British Museum blog

Introducing our new, fully-operational, beta collection search

‘Town and Country’ dinnerware, designed by Eva Zeisel, 1945-46Matthew Cock, Head of web, British Museum

'Town and Country' dinnerware, designed by Eva Zeisel, 1945-46

‘Town and Country’ dinnerware, designed by Eva Zeisel, 1945-46

In a recent post, I wrote about the launch of our new collection search beta. Well, we’ve now gone a bit further, and released an overhaul of the ‘advanced search’ functionality.

At heart, it works the same as before – users begin their search by selecting the ‘controlled terms’ that are used by our curators and cataloguers when creating the records, and retrieve all objects in the database that have been tagged with that term, or set of terms in combination. So, for example, you can find groups of objects for any combinations of terms – all the prints made in Japan between AD 1800 and 1835 perhaps, or all objects from London, Exeter and Glasgow made of bronze and so on.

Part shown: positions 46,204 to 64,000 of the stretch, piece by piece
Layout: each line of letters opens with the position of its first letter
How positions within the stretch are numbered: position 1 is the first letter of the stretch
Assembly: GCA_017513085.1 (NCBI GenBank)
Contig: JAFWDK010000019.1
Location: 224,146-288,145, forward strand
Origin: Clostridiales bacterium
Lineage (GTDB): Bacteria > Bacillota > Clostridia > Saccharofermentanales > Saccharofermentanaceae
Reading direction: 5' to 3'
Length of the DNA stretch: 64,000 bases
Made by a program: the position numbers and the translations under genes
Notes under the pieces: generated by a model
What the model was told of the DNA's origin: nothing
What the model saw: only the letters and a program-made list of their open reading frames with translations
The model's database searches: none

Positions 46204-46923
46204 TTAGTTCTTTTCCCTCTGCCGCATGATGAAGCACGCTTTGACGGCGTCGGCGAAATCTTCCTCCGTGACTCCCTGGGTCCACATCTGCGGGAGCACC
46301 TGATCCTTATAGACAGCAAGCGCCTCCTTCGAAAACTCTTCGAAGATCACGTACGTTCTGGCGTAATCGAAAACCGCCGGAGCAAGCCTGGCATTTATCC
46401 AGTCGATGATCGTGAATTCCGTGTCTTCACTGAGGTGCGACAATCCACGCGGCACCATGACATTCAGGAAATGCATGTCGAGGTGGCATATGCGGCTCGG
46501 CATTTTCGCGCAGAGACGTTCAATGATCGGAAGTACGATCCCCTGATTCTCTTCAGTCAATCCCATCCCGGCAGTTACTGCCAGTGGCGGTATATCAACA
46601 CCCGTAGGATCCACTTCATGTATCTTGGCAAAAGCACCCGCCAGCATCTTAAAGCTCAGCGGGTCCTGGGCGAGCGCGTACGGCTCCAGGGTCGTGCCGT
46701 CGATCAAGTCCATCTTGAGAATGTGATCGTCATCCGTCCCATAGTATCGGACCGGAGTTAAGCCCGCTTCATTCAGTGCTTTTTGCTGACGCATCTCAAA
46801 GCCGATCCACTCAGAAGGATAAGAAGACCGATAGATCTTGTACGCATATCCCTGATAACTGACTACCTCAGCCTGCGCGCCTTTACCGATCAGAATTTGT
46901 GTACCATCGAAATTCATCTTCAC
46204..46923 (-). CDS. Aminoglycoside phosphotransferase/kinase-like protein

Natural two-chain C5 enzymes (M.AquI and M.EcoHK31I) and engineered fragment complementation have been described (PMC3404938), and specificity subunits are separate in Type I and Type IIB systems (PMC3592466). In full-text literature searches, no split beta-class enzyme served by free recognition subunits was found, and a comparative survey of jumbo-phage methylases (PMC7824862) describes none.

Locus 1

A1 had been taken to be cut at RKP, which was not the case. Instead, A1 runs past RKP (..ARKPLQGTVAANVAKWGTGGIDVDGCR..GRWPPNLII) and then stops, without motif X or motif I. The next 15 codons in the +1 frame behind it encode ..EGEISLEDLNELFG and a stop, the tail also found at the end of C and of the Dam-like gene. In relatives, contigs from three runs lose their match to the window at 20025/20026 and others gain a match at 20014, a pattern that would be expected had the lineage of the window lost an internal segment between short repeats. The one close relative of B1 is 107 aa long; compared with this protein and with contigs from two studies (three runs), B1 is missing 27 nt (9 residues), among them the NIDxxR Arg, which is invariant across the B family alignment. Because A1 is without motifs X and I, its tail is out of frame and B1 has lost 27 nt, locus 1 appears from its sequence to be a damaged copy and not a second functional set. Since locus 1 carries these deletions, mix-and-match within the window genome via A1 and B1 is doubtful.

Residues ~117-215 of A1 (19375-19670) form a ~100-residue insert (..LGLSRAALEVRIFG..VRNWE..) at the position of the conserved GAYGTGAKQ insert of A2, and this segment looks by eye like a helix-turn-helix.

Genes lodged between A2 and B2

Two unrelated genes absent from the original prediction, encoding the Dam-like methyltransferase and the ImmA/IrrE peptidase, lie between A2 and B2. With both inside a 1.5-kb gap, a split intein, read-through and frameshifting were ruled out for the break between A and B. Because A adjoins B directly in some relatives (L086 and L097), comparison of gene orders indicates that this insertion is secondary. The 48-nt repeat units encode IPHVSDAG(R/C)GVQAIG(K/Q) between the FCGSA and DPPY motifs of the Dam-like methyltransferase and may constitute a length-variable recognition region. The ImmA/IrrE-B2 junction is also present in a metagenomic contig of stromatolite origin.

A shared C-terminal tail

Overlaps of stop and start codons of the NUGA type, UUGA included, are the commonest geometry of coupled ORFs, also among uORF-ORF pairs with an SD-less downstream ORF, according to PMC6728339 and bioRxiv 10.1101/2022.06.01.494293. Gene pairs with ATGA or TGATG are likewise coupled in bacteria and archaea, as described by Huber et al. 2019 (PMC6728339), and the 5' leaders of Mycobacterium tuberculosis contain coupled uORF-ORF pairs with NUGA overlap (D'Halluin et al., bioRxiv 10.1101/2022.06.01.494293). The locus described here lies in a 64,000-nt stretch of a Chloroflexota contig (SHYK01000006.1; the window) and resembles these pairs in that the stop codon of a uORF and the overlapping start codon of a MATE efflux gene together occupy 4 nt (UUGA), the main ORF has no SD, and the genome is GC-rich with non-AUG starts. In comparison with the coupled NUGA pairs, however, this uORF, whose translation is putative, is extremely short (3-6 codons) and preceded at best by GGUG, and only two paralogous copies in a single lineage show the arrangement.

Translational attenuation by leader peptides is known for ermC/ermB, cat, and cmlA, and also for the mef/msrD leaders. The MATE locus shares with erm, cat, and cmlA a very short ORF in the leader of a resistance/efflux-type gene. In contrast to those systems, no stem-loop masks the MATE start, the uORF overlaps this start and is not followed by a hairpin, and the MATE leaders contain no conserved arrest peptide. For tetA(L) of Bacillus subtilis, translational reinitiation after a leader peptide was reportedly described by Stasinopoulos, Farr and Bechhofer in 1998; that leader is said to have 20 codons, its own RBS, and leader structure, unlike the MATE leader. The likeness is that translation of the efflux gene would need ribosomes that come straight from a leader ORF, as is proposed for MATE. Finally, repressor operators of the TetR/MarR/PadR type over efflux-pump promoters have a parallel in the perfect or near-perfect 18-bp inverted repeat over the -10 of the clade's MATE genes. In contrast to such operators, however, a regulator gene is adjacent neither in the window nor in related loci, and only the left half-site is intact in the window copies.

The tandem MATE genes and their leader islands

Most of the lists of terms are also structured in hierarchies – for example, Paris is under France – so a search for objects from France retrieves all objects tagged with France, and any objects tagged with one of the many place names that are nested under France. In addition, we allow people to filter on the different ‘associations’ after they have made a search, for example, they can choose whether or not to include objects based on whether they are made by, attributed to, a depiction of, an artist.

In the current collection search interface (launched 2007), the user had to follow quite a process to build up their search terms and get to a page of results, and the interface wasn’t very intuitive. Only a small proportion of people used the advanced search, and most people we talked to said it wasn’t obvious how to use it.

There are two main changes that we have made to improve it. Firstly, we are using “auto-complete” – so that as you write the first few letters of your search term, a set of possible complete terms is shown based on the terms that we have in the database, along with some description so you can be sure it is the term you intended (for example, dates to help distinguish several artists with the same surname).